Alejandro Aravena will be the Director of the 15th Biennale of Architecture, to be held from May 28th to November 27th 2016.
After Rem Koolhaas’s Exhibition of 2014 about “Fundamnetals” of architecture, the Chilean architect will bring us in a dimension of best practices, telling us all about “success stories worth to be told and exemplary cases worth to be shared where architecture did, is and will make a difference […]”.
“The 15th International Architecture Exhibition will be about focusing and learning from architectures that through intelligence, intuition or both of them at the same time, are able to escape the status quo. We would like to present cases that, despite the difficulties, instead of resignation or bitterness, propose and do something. We would like to show that in the permanent debate about the quality of the built environment, there is not only need but also room for action”.
It is a story about hope in the future and faith in the tools of modern architecture, which follows the footsteps of Aravena’s housing initiative ELEMENTAL, an Urban Do Tank, partner of Universidad Catolica and Chilean Oil Company Copec.
The initiative introduces a dimension of temporariness within architectural projects, providing incremental solutions for affordable housing.
In 2004 the project of Quinta Monroy in Chile, experimented for the first time the idea of “unfinished” house and self-construction within the complex socio-economic context of the city of Iquiqe (Chile).
The necessity was to create a settlement for 100 families in the same 5.000 sqm illegally occupied for the previous 30 years, this without renouncing to the central location of the site, which, despite the greater cost for the land, was fundamental for the success of the proposal, to exploit the opportunities of work, education, transportation and health that city offered.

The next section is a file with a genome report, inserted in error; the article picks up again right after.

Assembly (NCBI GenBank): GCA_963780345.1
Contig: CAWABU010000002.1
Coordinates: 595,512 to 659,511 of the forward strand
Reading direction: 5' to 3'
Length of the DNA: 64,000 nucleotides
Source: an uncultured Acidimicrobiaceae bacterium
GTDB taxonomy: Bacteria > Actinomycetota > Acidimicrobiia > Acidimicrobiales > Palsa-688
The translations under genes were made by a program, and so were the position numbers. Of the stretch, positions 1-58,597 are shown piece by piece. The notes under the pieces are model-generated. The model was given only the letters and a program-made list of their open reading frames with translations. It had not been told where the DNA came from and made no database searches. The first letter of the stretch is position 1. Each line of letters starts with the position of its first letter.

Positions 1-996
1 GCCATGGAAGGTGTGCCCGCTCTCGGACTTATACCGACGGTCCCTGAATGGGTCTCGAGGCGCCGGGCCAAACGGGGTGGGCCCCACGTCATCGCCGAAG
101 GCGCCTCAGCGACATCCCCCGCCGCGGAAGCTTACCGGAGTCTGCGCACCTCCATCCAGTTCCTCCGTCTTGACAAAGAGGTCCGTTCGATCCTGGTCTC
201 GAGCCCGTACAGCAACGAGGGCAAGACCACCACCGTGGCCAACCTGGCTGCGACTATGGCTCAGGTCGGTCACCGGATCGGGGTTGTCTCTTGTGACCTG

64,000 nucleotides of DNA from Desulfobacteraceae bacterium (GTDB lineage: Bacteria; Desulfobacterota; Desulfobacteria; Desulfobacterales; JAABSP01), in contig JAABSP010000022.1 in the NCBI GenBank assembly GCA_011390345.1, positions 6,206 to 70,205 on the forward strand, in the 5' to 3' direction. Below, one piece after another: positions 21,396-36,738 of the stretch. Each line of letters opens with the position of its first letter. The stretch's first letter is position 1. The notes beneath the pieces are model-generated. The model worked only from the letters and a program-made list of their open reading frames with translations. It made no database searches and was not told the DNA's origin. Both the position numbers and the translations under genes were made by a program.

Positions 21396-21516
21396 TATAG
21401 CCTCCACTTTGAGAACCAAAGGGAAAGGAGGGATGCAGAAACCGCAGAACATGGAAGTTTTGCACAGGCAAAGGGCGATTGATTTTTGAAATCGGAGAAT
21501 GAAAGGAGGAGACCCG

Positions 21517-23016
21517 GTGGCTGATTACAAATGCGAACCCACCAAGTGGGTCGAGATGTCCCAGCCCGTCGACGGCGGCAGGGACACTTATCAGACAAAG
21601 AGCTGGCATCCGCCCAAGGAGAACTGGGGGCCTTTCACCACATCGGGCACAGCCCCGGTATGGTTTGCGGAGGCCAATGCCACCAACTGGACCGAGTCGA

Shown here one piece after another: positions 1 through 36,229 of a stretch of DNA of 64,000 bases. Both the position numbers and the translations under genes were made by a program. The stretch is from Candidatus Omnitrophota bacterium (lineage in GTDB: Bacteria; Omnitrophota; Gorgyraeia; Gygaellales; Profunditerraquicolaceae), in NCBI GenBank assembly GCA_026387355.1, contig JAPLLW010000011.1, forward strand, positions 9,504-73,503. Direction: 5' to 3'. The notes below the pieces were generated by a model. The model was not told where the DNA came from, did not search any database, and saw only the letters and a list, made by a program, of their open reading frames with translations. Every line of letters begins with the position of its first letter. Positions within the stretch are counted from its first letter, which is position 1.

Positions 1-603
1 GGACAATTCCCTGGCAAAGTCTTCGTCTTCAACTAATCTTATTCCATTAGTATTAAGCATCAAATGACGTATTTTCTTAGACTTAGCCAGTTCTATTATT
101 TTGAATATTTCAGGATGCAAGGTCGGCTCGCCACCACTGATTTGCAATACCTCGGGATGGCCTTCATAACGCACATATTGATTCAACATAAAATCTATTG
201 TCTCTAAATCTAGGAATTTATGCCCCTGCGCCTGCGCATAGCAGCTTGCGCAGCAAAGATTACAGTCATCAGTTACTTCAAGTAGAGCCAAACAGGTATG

The Housing Policy in Chile provides only around US$ 10.000 subsidy to pay for the land, the infrastructure and the house itself, a value that for the current Chilean building industry would have provided 40 sqm of built space for each family.
The first intuition was to look at the economic problem from another point of view so, rather than thinking about the best possible construction for US$ 10.000 to multiply by 100 times, it was decided to think about the best building solution worth US$ 1.000.000 and capable of accommodating 100 families.
Instead of designing a small house of 40 sqm, the basic structure was of a middle-income house of 80 sqm, of which the 50% was provided from the beginning and the other half would be eventually and progressively self-built by the inhabitants themselves. The houses have been then designed to be porous enough to allow each unit to expand within its own structure: the architect provided the skeleton for the development to happen, leaving its implementation to residents.
The Biennale of Architecture 2016 bodes to provide an innovative and cutting-edge vision, exploring the vitality of architecture and its power to solve the challenges of the current built environment.
If you are curious to discover more about Alejandro Aravena’s philosophy give a look to his interesting TED’s talk of 2014.